Tuesday, January 01, 2008

kenya has let us down

Prior to the December 27 presidential polls in Kenya, it was universally agreed that the biggest economy in East Africa was also setting the right pace in terms of democracy and general respect of freedoms. The first five years of the Kibaki presidency had literally turned round the image of a country once seen as a waste under Daniel Arap Moi, into a thriving, enviable economy in the region.
At the back of this praise was the 2002 presidential election, where Uhuru Kenyatta, the then ruling KANU party candidate, lost to Kibaki of the NARC and gracefully conceded defeat. For once in this region, we saw a ruling party hand over power to an opposition party.
For the rest of us, especially in Uganda, we could only afford to watch on with envy, considering the fact that our own 2001 presidential elections had been declared unfair by the Supreme Court and some not-so-romantic images of paramilitary squads like the Kalangala Action Plan still fresh in our memories.
Therefore, going into the 2007 presidential election, we knew our Kenyan brothers had already set the pace for us. If the 2002 election was like setting a house foundation, we expected this election to be the harnessing of the ring-beam with the hope that the 2012 polls would be roofing the democratic thatch.
How mistaken we were! We heard the opposition complain about the composition of the electoral commission during the campaigns and saw a few skirmishes claim lives. But where in Africa don’t these things happen? Even our darling Kenya could be guilty of these small failures.
But we knew they would stand the biggest test---let the people choose and respect their choice of a president. That we knew was a sure deal.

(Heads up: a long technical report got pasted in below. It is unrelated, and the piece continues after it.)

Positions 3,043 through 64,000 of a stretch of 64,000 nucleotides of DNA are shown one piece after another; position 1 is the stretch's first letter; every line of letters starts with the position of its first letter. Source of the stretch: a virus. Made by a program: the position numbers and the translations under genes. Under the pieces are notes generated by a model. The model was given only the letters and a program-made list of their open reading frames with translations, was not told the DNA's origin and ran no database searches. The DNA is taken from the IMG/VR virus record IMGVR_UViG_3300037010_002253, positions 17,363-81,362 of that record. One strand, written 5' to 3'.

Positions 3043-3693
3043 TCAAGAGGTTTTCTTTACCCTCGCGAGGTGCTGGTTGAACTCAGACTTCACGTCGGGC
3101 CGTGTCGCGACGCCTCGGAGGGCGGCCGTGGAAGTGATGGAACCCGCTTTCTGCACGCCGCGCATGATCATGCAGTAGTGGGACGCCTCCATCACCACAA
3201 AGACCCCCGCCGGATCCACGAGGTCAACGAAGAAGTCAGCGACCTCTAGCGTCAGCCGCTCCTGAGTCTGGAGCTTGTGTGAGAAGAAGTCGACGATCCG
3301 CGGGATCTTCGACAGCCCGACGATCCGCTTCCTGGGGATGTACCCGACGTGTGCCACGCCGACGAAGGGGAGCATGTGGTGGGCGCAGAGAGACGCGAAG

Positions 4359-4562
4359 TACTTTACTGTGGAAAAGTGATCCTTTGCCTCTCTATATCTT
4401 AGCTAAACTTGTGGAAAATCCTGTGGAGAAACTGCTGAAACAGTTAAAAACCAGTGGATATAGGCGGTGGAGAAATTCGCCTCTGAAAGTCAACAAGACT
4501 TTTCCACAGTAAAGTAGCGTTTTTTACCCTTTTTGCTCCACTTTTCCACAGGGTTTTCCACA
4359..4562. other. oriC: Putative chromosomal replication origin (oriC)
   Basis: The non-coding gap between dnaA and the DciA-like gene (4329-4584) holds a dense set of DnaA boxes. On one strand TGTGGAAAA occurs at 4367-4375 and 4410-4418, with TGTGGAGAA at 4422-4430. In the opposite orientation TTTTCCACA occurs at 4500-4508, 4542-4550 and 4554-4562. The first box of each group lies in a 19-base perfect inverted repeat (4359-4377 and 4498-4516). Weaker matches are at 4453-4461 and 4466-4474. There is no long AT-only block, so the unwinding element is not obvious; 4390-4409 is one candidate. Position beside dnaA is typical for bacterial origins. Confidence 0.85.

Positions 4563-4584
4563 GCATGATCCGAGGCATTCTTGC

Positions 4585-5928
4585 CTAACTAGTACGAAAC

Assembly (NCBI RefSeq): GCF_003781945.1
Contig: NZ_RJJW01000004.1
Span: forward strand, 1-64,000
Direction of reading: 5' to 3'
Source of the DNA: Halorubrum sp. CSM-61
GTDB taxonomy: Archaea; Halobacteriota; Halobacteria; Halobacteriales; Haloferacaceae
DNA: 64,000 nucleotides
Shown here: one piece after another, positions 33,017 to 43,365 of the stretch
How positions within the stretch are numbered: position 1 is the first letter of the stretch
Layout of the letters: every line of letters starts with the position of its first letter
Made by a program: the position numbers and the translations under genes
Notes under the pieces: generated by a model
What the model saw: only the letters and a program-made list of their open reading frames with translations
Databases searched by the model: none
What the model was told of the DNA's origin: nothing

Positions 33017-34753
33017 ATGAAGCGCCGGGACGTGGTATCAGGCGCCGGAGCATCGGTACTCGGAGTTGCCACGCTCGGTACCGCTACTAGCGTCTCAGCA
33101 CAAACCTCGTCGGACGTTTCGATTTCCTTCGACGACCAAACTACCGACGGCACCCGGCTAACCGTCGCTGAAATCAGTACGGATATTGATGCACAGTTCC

By Sunday December 31, it was clear that the maxim ‘In elections those who count the votes are strong than those who cast the votes’-had caught up with Kenya. We have looked on with horror as a country hitherto known to be peaceful descend into anarchy.
We have looked on with disgust as a country taunted as being respectful to media freedoms clamp down on media with decrees on what they should air.
We have seen a country previously respected for its thriving economy slowly witness a slump with its thriving tourist sector already threatened by scenes of violence and mayhem.
It was very disturbing to see thousands of Kenyans flee their previously peaceful country and seek refugee at shelterless border towns in Uganda. We have with worry reports that gangs are attacking innocent people in churches and burning them, reminding us of the 1994 Rwanda genocide, where even the altars turned into slaughter grounds.
And of course we can never blame the majority ordinary Kenyans. They did their part and cast their vote. The degeneration of Kenya into a Police state will by posterity and history be blamed on the political leadership. It will be placed on those, who threw away conscience and altered results in places like Molo.
The blame will squarely lie on the politicians, who put egos before State, who put self-interest before country, who roused ethnic sentiments at the cost of national unity.
The rest of us in this region will look on and say, Kenya took one step forward and moved three steps backward.

1 comment:

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